But this isn't the only area of development. An innovative research team led by Professor Matt Brookes (Physics with Medical Physics, 2002; PhD, 2005) has recently developed the world's first wearable magnetoencephalography (MEG) system, which could be a game-changer for researchers both as a neuroscientific and diagnostic tool.

"MEG works by measuring the weak magnetic fields produced outside the skull by current flow inside the neurons in the brain," explains Professor Bowtell. "While traditional scanners need the patient to lie completely still inside a large, claustrophobic machine, what my colleagues Matt and others have done, is to develop new technologies to create a lightweight helmet that delivers astounding images of the working brain. This technology can be adapted for a baby or child, offering a much less frightening experience for the patient without compromising data quality.

"Even more excitingly, by integrating OPM sensors, this team have created a scanner that works while the wearer is mobile. This innovation, which exploits magnetic coil designs that were originally used in MRI, is creating so many new possibilities – we can start to answer questions like: why do we fall more as we get older and what happens in the brains of infants as they grow?"

It is imperative that the university continues to build on the exceptional foundations that started at Nottingham. Working across teams is one of the strengths of the university that enables progress to continue.

MRI is such a rich technique, there are always new things that come along.
Professor Richard Bowtell, Head of the Sir Peter Mansfield Imaging Centre

"Everything we do at the SPMIC is inter-disciplinary, drawing in colleagues from different departments and specialisms," continues Professor Bowtell. "Our centre is relatively unique in that it has stayed strongly connected to the School of Physics and Astronomy, fostering excellent connections to many other departments. Professor Penny Gowland from the School of Physics and Astronomy has pulled together a team of medics, physicists, engineers and mathematicians to investigate how the placenta works by using advanced MRI techniques, while colleagues in the School of Computer Science are looking at how we can get enhanced information from images using Artificial Intelligence (AI). How we use AI to acquire images is another area for development, yet attracting and retaining talent is a challenge that all academic institutions face. It's one of the reasons why funding and support, especially for PhD students, is so important.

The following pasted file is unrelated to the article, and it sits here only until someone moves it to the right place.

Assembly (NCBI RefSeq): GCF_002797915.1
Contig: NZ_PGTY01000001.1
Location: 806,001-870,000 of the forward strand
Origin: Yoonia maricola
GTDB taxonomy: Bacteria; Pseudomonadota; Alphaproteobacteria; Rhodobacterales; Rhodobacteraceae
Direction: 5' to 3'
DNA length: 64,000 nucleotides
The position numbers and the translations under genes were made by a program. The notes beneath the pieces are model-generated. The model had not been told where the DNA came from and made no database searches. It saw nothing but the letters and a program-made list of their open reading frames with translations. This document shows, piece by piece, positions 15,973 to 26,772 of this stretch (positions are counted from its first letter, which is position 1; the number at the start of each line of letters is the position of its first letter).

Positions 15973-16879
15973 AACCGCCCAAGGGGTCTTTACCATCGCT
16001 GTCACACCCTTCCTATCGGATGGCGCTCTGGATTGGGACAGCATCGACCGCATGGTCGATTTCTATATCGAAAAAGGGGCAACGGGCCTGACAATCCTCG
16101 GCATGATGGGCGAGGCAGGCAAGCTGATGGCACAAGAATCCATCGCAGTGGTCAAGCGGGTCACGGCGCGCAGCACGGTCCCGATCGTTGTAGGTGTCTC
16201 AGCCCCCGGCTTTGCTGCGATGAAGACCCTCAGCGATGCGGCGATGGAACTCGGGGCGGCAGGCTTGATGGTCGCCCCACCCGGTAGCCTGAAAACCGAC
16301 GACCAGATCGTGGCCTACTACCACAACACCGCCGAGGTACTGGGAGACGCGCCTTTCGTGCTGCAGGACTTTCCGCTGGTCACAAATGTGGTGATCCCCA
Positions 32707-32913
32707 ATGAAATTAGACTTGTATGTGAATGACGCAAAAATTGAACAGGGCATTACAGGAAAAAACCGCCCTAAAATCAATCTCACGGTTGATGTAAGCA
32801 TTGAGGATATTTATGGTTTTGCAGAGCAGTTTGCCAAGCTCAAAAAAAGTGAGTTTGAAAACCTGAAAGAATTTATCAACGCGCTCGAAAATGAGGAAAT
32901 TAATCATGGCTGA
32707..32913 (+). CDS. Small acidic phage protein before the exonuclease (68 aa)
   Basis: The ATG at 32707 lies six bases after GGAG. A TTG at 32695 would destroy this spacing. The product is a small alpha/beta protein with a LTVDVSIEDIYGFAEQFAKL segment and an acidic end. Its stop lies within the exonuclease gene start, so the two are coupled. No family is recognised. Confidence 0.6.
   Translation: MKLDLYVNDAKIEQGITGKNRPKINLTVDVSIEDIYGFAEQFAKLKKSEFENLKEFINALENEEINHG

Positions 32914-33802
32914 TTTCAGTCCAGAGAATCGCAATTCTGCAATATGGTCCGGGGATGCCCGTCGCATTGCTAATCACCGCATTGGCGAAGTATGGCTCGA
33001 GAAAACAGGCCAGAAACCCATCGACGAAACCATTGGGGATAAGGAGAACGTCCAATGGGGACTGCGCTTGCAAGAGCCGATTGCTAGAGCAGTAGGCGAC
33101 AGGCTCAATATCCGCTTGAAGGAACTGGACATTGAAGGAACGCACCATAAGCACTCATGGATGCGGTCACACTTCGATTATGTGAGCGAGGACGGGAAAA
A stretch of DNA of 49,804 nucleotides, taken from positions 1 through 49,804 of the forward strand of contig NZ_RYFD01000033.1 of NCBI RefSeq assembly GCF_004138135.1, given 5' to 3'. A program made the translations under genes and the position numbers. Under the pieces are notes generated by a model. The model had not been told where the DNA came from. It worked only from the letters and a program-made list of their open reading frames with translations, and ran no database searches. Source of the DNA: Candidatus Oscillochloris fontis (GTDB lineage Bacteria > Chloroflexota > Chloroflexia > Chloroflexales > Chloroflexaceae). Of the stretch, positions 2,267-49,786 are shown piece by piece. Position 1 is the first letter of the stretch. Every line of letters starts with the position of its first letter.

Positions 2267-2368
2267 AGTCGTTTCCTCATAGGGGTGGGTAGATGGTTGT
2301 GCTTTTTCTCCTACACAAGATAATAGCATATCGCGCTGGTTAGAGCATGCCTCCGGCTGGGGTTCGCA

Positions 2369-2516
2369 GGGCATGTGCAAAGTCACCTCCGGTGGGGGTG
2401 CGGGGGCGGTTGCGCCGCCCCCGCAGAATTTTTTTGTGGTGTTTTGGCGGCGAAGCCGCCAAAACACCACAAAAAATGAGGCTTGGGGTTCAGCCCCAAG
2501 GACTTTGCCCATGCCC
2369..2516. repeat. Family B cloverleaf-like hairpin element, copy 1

"We're a very collegiate centre and when we go to conferences, we see many people who have come through Nottingham who are now leading research departments all over the world. We've had a reputation as an excellent place to study and train right from the early days, and it carried on now.

"MRI is such a rich technique, there are always new things that come along. There's an element of serendipity – when something unexpected turns up in the signals that we didn't predict – and good science is being able to spot that opportunity and see where it takes us."

MRI is helping unveil the mysteries of the human body in ways unimaginable 50 years ago, propelling us towards a future where the unseen becomes visible. With open eyes and focused minds – like Sir Peter all those years beforehand – we remain ready to explore the next wave of opportunities that lie ahead.

The history of MRI in Nottingham 

Professor Sir Peter Mansfield first joins the university as a lecturer. 

1970: University researchers, led by Sir Peter, start to explore how Nuclear Magnetic Resonance (NMR) could form the basis of a new medical imaging technique. 

1973: Sir Peter published his landmark paper showing how radio signals from nuclear magnetisation can be mathematically analysed to produce useful images. 

1974: Sir Peter takes the first MRI scan of a human body part – research student Dr Andrew Maudsley's finger – revealing bone, nerves and arteries. 

1978: Sir Peter becomes the first whole-body volunteer – despite warnings that the magnetic gradient might be strong enough to induce cardiac fibrillation – creating the images of a human torso. 

1991: The Magnetic Resonance Centre was opened, focusing on dynamic imaging using echo-planar imaging (EPI), NMR microscopy and neurospectroscopy. 

1993: The development of the world's first 3T magnet led to applications in functional MRI (fMRI), including some of the first ever event related studies. 

2003: Professor Sir Peter Mansfield is awarded the Nobel Prize in Physiology or Medicine alongside collaborator Paul Lauterbur. 

2004: The Centre is expanded and renamed the Sir Peter Mansfield MR Centre (SPMMRC). 

2005: The UK's first 7T scanner is developed at the Centre. A 275-channel magnetoencephalography (MEG) scanner was added in 2007. 

2018: The first wearable MEG system becomes operational. 

2023: We celebrate 50 years of MRI research and innovation. Millions of people all over the world benefit from this journey of research and discovery.